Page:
Have you ever wondered why some people wake up covered in mosquito bites while others are untouched?
Mosquitoes are stimulated by a number of factors when seeking out for a bloody meal. Initially, they’re attracted by the carbon dioxide we exhale. Body heat is probably important too, but once the mosquito gets closer, she will respond to the smell of a potential blood source’s skin.
Studies have suggested blood type (particularly type O), pregnant women and beer drinkers all make you marginally more attractive to mosquitoes. Pregnant women are more attractive to mosquitoes than their non-pregnant counterparts and people with a greater body mass also appear more prone to bites. However, most of this research uses only one mosquito specie. Switch to another specie and the results are more likely to be different.
According to The Conversation, there are up to 400 chemical compounds on human skin that could play a role in attracting (and perhaps repulsing) mosquitoes. This smelly mix, produced by bacteria living in our skin and exuded in sweat, varies from person to person and is likely to explain why there is substantial variation in how many mozzies we attract. Genetics probably plays the biggest role in this.
Doctors studying malaria transmission have revealed that it is all in the GENES.
The way we protect ourselves against diseases like malaria could be revolutionized by the discovery that how attractive we smell to mosquitoes and other disease-transmitting insects may be genetically based.
For the first time ever, new research from the London School of Hygiene & Tropical Medicine (LSHTM) and other centres shows that, there is a genetic reason why mosquitoes bite some people more than others, likely to be caused by our genes’ control over our body odor. People who are less attractive to mosquitoes produce natural repellents that ward them off.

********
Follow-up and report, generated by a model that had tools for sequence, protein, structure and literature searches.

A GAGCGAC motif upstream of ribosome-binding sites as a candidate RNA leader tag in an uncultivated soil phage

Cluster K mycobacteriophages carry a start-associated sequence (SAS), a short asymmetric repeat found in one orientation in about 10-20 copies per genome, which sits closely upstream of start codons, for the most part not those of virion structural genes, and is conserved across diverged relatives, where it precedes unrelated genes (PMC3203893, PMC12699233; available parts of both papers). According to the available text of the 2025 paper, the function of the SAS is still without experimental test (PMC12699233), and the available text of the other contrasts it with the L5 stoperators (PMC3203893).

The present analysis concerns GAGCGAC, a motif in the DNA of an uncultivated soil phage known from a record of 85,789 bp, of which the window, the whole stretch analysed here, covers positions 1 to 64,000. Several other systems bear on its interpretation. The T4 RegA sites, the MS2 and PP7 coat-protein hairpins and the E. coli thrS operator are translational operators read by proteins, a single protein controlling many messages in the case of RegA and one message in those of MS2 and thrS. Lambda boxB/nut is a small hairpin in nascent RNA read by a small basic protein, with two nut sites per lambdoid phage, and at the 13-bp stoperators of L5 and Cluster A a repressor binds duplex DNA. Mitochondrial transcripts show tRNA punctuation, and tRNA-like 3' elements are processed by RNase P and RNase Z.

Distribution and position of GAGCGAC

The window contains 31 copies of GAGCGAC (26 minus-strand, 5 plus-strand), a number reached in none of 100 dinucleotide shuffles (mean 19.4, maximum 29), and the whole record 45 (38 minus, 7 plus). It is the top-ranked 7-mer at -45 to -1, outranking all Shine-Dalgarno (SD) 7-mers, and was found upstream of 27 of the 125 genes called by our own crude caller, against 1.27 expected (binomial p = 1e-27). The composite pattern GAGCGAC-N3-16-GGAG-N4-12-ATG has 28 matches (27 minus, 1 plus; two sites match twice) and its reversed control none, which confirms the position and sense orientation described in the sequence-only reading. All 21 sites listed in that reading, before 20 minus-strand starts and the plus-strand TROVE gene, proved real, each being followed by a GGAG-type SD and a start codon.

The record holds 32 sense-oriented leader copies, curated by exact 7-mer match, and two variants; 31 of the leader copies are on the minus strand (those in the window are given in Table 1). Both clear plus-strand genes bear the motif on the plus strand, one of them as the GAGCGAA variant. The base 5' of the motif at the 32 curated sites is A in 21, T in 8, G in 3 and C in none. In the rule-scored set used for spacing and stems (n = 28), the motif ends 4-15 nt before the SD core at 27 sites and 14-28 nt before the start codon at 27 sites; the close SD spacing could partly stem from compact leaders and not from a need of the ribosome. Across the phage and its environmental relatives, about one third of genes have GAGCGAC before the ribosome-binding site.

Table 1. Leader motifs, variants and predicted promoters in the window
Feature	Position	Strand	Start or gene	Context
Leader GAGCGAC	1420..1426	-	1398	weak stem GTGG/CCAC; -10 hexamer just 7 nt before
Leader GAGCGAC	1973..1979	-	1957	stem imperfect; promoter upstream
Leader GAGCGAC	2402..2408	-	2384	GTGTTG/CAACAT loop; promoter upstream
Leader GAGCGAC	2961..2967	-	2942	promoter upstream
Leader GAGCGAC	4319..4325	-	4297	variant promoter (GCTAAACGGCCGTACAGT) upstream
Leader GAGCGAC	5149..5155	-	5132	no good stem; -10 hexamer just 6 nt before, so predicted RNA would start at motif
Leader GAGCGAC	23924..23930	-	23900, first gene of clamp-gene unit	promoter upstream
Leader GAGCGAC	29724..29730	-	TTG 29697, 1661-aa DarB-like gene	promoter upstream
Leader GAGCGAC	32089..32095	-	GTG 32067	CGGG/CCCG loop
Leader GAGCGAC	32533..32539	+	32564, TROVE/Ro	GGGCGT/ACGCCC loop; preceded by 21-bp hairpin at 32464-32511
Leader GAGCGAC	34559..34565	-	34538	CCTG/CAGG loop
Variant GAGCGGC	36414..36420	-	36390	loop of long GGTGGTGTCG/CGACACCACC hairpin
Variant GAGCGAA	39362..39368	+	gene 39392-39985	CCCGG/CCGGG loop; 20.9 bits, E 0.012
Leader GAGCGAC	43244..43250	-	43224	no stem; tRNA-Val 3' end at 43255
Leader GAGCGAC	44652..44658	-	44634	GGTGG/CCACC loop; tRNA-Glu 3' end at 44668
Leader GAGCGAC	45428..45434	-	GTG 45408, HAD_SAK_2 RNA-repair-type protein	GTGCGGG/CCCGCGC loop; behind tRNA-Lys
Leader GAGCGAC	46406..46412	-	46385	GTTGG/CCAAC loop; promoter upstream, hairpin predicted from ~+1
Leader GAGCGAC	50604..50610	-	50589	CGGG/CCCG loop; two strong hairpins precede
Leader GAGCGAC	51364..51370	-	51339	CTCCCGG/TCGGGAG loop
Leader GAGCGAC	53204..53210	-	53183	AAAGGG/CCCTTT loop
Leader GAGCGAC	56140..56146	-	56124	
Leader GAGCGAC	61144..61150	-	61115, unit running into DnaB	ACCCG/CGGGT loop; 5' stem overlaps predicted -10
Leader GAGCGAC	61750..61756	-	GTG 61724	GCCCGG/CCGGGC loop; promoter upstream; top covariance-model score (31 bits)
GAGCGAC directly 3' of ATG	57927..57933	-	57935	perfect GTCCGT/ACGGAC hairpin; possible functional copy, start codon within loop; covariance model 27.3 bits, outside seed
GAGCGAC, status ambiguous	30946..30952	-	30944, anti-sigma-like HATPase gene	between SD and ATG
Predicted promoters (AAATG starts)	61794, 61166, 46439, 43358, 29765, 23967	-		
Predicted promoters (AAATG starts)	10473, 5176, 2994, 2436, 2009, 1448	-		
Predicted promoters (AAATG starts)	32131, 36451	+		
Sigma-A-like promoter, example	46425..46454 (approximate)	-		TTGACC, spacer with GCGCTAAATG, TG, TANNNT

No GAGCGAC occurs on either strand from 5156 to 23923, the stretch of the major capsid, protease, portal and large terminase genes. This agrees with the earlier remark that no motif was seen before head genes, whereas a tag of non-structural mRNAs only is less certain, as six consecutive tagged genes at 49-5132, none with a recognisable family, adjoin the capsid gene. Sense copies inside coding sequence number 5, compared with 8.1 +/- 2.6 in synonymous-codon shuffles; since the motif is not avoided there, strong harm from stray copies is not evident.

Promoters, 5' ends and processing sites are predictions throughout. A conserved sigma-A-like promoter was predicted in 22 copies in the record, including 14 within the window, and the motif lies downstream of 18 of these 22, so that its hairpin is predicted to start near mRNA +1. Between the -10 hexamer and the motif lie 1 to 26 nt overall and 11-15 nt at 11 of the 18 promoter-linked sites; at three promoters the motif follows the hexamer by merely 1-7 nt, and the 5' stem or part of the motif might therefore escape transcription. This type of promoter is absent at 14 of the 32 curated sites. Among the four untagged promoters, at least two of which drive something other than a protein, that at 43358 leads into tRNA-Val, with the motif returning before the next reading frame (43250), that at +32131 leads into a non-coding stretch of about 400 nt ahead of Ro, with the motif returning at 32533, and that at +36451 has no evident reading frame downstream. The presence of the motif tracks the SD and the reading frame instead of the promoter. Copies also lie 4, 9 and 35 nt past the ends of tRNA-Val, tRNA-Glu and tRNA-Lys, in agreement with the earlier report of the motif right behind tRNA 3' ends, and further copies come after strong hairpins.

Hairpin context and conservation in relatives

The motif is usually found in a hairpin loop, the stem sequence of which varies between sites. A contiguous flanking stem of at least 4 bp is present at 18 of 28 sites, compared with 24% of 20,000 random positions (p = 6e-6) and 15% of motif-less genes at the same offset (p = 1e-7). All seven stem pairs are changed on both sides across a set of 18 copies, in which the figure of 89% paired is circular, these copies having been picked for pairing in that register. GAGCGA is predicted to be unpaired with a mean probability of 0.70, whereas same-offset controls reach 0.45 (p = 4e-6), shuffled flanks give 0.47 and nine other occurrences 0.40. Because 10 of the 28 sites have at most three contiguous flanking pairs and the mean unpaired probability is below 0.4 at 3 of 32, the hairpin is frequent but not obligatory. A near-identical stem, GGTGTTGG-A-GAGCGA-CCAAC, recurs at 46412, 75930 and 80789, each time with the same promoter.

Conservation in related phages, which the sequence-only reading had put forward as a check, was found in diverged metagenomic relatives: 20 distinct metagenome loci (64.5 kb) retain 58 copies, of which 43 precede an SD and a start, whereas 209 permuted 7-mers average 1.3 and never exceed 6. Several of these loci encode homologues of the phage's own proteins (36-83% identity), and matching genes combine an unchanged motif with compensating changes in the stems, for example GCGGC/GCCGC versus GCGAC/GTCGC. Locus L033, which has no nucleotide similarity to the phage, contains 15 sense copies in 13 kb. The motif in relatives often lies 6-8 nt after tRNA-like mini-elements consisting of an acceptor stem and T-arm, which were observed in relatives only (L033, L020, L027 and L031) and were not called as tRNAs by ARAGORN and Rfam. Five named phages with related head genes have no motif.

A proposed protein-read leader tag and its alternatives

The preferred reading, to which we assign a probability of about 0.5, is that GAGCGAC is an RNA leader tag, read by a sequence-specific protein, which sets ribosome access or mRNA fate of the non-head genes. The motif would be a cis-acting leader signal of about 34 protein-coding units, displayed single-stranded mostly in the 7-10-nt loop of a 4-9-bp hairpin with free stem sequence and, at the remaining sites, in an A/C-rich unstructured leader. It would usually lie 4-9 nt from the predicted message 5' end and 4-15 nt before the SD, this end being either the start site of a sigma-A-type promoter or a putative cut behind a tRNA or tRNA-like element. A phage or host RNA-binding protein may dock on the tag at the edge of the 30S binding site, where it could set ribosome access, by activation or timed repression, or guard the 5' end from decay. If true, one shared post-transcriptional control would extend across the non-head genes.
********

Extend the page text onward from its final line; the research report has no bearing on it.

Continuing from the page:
One of the best studied substances contained in sweat is lactic acid. Research shows it’s a key mosquito attractant, particularly for human-biting species such as Aedes aegypti. This should act as fair warning against exercising close to wetlands; a hot and sweaty body is probably the “pick of the bunch” for a hungry mosquito!
Probably the most famous study about their biting habits demonstrated that the mosquitoes that spread malaria (Anopheles gambiae) are attracted to Limburger cheese. The bacteria that gives this cheese its distinctive aroma is closely related to germs living between our toes. That explains why these mosquitoes are attracted to smelly feet.
But when another mosquito (such as Aedes aegypti) is exposed to the same cheese, the phenomenon is not repeated. This difference between mosquitoes highlights the difficulty of studying their biting behaviours. Even pathogens such as malaria may make us more attractive to mosquitoes once we’re infected.
Female mosquitoes need protein-rich blood for the energy required to mate and lay eggs. They display preferences for the smell of certain people when they choose whom to bite. However, these are not solely genetic.
Researchers are trying to unscramble the irresistible smelly cocktails on the skins of “mosquito magnets”. But the bad news is that if you’re one of these people, there isn’t much you can do about it other than wearing insect repellents.
via The Conversation